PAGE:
Weekly News Round Up (28/11/14)

28 November 2014

News from HART:

  • We will hold a reception for our partner in Nagorno-Karabakh and Director of the Lady Cox Rehabilitation Centre on December 9th at Fielden House. Click here for more information.
  • The HART Prize for Human Rights is now open for entries! Read more here.
  • On the HART blog: Olivia Christian argues that geopolitical interests are given precedence over human rights, hindering the resolution of the Nagorno-Karabakh conflict.



  • Last Friday, the UN General Assembly adopted a non-binding resolution urging the Burmese government to ensure free elections “allowing all candidates to fairly contest the elections” and to allow the Rohingya Muslims “access to full citizenship on an equal basis”.
  • On Monday, The Burmese Army released 80 child soldiers who had been illegally recruited in the troops. In 2014 alone, according to Unicef, a total of 376 have been released so far from the armed forces.
  • The Women’s League of Burma released a report on Tuesday highlighting that Burmese soldiers “continue to engage in acts of sexual violence on a widespread scale, and women and human rights defenders in ethnic communities face harassment and persecution.” The group also stated that “to achieve sustainable peace and help safeguard  the rights of ethnic women, the government of Burma must immediately stop its military offensives in the ethnic areas, pull back its troops and begin political dialogue with the ethnic armed groups towards genuine federalism.” The full report can be accessed here.
  • Burma’s Senate adopted a draft nationwide referendum law on constitutional amendment on Thursday. The referendum is to be held in May 2015, but will changes will only come into act after the 2015 elections.
  • Physicians for Humans rights released a report on Thursday accusing Burma of violating international standards in the displacement of families to create a special economic zone 23 km south of Yangon. The full report can be accessed here.
  • The Foreign Affairs Committee of the British Parliament published a report on Thursday that calls on the British government to support the re-imposition of European Union sanctions on Burma in 12 months’ time if there is no improvement in the situation of the Rohingya, and if all political prisoners are not unconditionally released. Access the full report here.
  • Following the Burmese army’s attack on a training camp last week near the headquarters of the KIA, the Nationwide Ceasefire Coordination Team’s Vice-Chairman Nai Hongsa said it would now be “completely impossible” to sign an agreement by the end of the year.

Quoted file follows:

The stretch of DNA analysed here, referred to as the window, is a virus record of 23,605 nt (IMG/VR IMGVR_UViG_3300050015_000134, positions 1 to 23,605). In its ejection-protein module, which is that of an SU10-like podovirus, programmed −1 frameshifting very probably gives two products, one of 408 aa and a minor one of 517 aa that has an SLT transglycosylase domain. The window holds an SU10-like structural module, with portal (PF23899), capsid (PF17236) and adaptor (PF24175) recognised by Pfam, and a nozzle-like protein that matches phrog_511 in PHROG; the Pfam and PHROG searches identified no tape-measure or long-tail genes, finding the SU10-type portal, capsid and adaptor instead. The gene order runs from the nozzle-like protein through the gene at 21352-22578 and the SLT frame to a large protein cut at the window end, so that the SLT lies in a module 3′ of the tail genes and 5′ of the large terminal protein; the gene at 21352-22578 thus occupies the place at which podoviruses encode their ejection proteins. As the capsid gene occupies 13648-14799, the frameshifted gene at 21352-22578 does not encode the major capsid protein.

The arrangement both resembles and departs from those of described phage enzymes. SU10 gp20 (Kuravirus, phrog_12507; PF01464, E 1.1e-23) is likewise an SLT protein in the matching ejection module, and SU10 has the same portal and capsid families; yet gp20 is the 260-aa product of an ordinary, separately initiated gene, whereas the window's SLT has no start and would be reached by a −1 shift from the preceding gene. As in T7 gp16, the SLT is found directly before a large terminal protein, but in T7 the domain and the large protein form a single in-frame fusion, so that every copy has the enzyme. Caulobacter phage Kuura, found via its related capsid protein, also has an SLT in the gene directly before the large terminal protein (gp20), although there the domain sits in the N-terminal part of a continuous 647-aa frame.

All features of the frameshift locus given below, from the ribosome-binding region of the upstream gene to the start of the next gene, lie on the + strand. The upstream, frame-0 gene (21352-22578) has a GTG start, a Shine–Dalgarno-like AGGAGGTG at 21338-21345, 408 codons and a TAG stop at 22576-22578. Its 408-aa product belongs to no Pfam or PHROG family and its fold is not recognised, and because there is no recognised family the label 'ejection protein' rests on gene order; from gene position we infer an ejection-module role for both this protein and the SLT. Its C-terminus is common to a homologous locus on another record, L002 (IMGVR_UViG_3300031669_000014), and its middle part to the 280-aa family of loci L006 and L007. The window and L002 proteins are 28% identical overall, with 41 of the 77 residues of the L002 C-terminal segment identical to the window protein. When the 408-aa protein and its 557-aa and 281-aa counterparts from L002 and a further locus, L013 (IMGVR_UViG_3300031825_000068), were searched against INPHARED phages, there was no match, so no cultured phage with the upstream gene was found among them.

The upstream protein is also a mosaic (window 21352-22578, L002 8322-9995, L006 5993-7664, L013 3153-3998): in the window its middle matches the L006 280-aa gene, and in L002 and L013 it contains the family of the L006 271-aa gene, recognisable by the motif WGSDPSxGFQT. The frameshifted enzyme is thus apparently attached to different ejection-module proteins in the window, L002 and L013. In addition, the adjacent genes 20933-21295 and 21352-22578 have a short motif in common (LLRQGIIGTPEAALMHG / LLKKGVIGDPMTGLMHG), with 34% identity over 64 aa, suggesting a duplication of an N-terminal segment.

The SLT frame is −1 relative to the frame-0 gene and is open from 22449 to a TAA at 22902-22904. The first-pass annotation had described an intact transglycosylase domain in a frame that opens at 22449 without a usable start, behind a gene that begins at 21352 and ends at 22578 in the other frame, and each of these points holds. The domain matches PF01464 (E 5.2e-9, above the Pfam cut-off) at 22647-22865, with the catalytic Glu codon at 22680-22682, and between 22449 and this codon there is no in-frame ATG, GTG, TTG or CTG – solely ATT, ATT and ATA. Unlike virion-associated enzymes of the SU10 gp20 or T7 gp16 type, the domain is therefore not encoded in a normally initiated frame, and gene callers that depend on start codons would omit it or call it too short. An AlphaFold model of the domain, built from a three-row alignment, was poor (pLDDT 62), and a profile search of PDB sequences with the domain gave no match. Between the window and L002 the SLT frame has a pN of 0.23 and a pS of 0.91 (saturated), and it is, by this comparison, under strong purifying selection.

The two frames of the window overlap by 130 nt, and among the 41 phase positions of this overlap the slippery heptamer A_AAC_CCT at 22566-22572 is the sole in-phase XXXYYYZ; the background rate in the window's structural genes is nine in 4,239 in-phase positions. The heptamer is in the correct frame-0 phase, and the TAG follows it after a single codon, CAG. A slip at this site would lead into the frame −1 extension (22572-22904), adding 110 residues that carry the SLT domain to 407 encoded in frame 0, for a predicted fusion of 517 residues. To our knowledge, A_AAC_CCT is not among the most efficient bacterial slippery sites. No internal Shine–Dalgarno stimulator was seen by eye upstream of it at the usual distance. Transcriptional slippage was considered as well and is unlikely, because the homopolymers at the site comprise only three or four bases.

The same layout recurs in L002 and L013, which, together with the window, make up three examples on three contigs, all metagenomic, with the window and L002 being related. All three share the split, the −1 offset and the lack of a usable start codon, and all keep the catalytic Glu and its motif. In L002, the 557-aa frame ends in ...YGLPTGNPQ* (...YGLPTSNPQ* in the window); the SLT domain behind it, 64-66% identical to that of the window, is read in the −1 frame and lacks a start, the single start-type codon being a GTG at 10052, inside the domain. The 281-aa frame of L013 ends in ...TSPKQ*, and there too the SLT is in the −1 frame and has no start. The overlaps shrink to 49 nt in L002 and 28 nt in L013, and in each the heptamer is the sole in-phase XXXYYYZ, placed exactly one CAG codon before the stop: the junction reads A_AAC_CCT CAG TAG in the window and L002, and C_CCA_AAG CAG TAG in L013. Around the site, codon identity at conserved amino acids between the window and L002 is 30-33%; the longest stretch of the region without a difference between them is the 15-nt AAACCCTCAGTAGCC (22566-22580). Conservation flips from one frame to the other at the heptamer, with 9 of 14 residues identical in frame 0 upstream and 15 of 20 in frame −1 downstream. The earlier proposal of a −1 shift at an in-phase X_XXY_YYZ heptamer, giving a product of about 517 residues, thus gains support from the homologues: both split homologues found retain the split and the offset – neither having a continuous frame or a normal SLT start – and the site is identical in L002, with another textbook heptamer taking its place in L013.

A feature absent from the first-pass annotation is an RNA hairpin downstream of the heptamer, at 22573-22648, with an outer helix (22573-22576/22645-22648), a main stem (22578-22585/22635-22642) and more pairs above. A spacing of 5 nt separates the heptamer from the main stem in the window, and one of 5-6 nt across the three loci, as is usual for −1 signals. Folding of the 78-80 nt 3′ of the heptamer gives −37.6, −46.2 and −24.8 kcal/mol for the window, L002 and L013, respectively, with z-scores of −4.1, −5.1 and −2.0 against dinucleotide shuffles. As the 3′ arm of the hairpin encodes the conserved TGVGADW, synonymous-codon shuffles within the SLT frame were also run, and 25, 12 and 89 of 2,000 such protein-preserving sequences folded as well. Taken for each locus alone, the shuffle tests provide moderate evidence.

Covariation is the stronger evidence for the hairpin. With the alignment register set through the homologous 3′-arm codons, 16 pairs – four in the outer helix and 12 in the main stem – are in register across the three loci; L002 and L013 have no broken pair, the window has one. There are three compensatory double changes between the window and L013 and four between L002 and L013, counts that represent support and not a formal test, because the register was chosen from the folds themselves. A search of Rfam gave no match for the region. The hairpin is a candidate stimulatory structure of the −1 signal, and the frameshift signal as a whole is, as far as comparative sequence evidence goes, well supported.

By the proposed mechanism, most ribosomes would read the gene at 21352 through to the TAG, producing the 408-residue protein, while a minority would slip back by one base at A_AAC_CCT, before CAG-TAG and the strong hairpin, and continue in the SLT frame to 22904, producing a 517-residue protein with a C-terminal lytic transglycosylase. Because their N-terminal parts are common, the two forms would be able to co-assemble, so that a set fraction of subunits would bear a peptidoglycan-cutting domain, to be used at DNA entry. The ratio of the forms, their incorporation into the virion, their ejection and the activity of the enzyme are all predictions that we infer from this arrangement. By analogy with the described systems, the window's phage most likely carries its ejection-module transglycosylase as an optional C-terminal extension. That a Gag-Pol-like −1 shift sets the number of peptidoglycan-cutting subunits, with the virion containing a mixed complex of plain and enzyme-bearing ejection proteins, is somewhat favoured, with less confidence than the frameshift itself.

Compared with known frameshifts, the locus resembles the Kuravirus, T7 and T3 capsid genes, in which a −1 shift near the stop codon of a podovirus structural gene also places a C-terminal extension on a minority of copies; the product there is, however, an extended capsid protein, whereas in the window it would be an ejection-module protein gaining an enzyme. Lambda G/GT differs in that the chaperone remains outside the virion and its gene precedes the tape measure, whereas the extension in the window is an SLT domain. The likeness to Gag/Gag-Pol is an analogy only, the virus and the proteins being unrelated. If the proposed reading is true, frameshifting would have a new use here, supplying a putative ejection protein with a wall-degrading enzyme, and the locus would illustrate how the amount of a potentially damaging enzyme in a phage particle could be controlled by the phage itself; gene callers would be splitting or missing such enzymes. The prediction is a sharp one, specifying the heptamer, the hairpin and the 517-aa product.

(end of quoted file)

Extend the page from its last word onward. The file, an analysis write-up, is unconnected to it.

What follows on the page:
• Despite the proposal of a bill envisaging the recognition of independence of Karabakh two weeks ago, Nagorno-Karabakh’s Heritage Party now announced it would not raise the question anymore, as “unfortunately, neither Armenia not Nagorno Karabakh are yet ready for Yerevan’s recognition of the ‘Nagorno Karabakh Republic” – the party leader said.
  • The remains of the 3 crew members of the helicopter hit by Azerbaijani troops, as well as some parts of the helicopter, have been evacuated, Armenpress reported. During the special operation to evacuate the remains, two Azerbaijani troops were killed. The President of Artsakh Republic, Bako Sahakyan, posthumously awarded the crew.
  • Between November 16 and 22 the NKR Defense Ministry recorded about 1,200 cases of ceasefire violation at the Line of Contact between the troops of Nagorno-Karabakh and Azerbaijan with over 13,000 shots fired by the Azerbaijani side, to which the NKR Defense Army gave adequate response.



  • Last Friday, Boko Haram militants raided the village of Doron Baga, Borno State, leaving at least 50 people dead. According to Maina Ma’aji Lawa, a senator for northern Borno State in Nigeria’s upper chamber, the group is in now in full control of the town.
  • Boko Haram militants took control of the town of Damasak in Borno State, near the Niger border, on Monday. The group found no resistance as all adult males and soldiers had left the town following an attack a few days earlier, according to Maina Ma’aji Lawan, who represents northern Borno state in Nigeria’s Senate